That’s because there are a lot of people and equipment involved in surgeries. You’re paying for the physician, the anesthesiologist, the nurses, the operating room, instruments and sterilization required, medications, recovery room, possibly a room for extended recovery time, consultations from other physicians … the list goes on and on.
Surgery costs vary drastically depending upon the procedure, hospital, location and even type of insurance, since insurers negotiate with providers over rates. For instance, a 2022 study of several U.S. healthcare systems found that the average allowed in-network charges by private insurance for hip and knee replacements ranged from $25,000 to $70,000.
Some typical average costs for common surgeries are:
- Heart valve replacement: $170,000
- Heart bypass: $123,000
- Spinal fusion: $110,000
- Hip replacement: $40,364
- Knee replacement: $35,000
- Angioplasty: $28,2000
- Hip resurfacing: $28,000
- Gastric bypass: $25,000
- Cornea: $17,500
- Gastric sleeve: $16,000
With those figures, patients might think they know the actual cost of surgery. But they must think again. There are numerous potential “add-on’’ costs to surgery that aren’t absorbed until after the fact, when financial reality becomes even more brutal. Even with the No Surprises Act, as provider transparency is worked out, add-ons can be major surprises for patients when the bill comes.
Some areas that may also be included or associated with surgical costs are:
- Operating room per-hour costs
- Surgeon’s fee
- Hospitalization costs (before surgery)
- Pre-surgery treatment (such as dialysis and insulin pumps)
- Anti-rejection medications
- Visits with the surgeon
- Insurance deductibles, co-pays and premiums
- Non-medical expenses (such as childcare, travel and lodging)
- Lost wages.
Factors Affecting the Cost of Surgery
Some of the factors affecting surgery costs:
- Type of surgery: Some surgery is minimal, like a biopsy or colectomy, while some is major, like an organ transplant. How involved and invasive the surgery is will have a big impact on how much it will cost.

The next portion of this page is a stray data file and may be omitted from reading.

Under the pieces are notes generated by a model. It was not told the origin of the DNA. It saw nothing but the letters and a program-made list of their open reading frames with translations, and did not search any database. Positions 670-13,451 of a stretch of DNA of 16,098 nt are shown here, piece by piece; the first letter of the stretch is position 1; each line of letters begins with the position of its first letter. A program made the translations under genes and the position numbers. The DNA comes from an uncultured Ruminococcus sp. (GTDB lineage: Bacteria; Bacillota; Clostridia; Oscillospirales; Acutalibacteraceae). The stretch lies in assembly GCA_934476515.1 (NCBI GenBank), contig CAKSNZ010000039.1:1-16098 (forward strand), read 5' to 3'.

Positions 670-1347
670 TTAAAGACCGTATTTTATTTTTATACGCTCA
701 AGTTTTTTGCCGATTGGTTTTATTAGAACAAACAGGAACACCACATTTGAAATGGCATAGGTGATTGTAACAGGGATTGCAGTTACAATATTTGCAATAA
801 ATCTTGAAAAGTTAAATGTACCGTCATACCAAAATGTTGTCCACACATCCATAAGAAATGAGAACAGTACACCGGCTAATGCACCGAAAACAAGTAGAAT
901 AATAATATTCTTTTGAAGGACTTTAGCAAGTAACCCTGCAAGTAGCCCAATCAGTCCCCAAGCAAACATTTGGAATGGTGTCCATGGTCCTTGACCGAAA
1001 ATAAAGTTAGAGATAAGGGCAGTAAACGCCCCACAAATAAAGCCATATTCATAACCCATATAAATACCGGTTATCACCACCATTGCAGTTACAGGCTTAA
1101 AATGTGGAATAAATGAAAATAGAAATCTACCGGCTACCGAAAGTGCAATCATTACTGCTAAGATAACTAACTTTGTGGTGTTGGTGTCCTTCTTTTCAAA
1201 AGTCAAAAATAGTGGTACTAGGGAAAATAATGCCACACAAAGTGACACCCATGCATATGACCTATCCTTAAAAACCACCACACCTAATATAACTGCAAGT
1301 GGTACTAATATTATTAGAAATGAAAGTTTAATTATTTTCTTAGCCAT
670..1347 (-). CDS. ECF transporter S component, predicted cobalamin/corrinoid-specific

- Inpatient or outpatient: If you have to stay in the hospital, the costs associated with that will drive up the cost of the surgery.
- Anesthesia use: Local anesthesia numbs a small part of the body, for instance, for removal of a lesion on an arm, and is usually given by the doctor or nurse practitioner doing the procedure. Regional numbs a larger portion, for instance, an epidural during childbirth. Major surgery usually requires general anesthesia, given by an anesthesiologist, which renders the patient unconscious. The more extensive the anesthesia, the more expensive.
- Healthcare facility: Hospitals set their own rates, and the cost of a procedure can vary greatly between hospitals.
- U.S. region: Hospital and surgery costs vary, depending on the region of the U.S.
- Health insurance coverage: Insurers and providers negotiate prices, and patients with Medicare may get a much lower price on the same procedure than a patient with private insurance would. The level of your plan coverage (for instance, it may or may not cover some aspects of hospital care, or fees), as well as co-pay and more, can mean differences in surgery costs for different patients.
Paying for Hospital Stays and Surgery
Medicare spent about $900.8 billion on benefit expenses for nearly 64 million individuals 65 or older or disabled in 2021. Inpatient hospital services accounted for $350 billion of that amount. Approximately 36.3 million patients per year are admitted to U.S. hospitals, according to the American Hospital Association, and Medicare pays 90% of the costs for almost 42% of them. Overall, Medicare payments account for 21% of all hospital care costs.
Medicaid, which provides healthcare coverage for people with low incomes, spent about $734 billion on healthcare services in 2021, including $235.3 in hospital costs. Its share of hospital admissions is about 20%, for whom it pays about 89% of all hospital costs. Overall, Medicaid pays for approximately 17% of all hospital care costs.
Private health insurance paid for $1.2 trillion in overall healthcare costs in 2021, with $448 billion paid for hospital costs.
Those who are self-employed or don’t have insurance through their employer can get private insurance through the Affordable Care Act. Monthly premiums are based on income.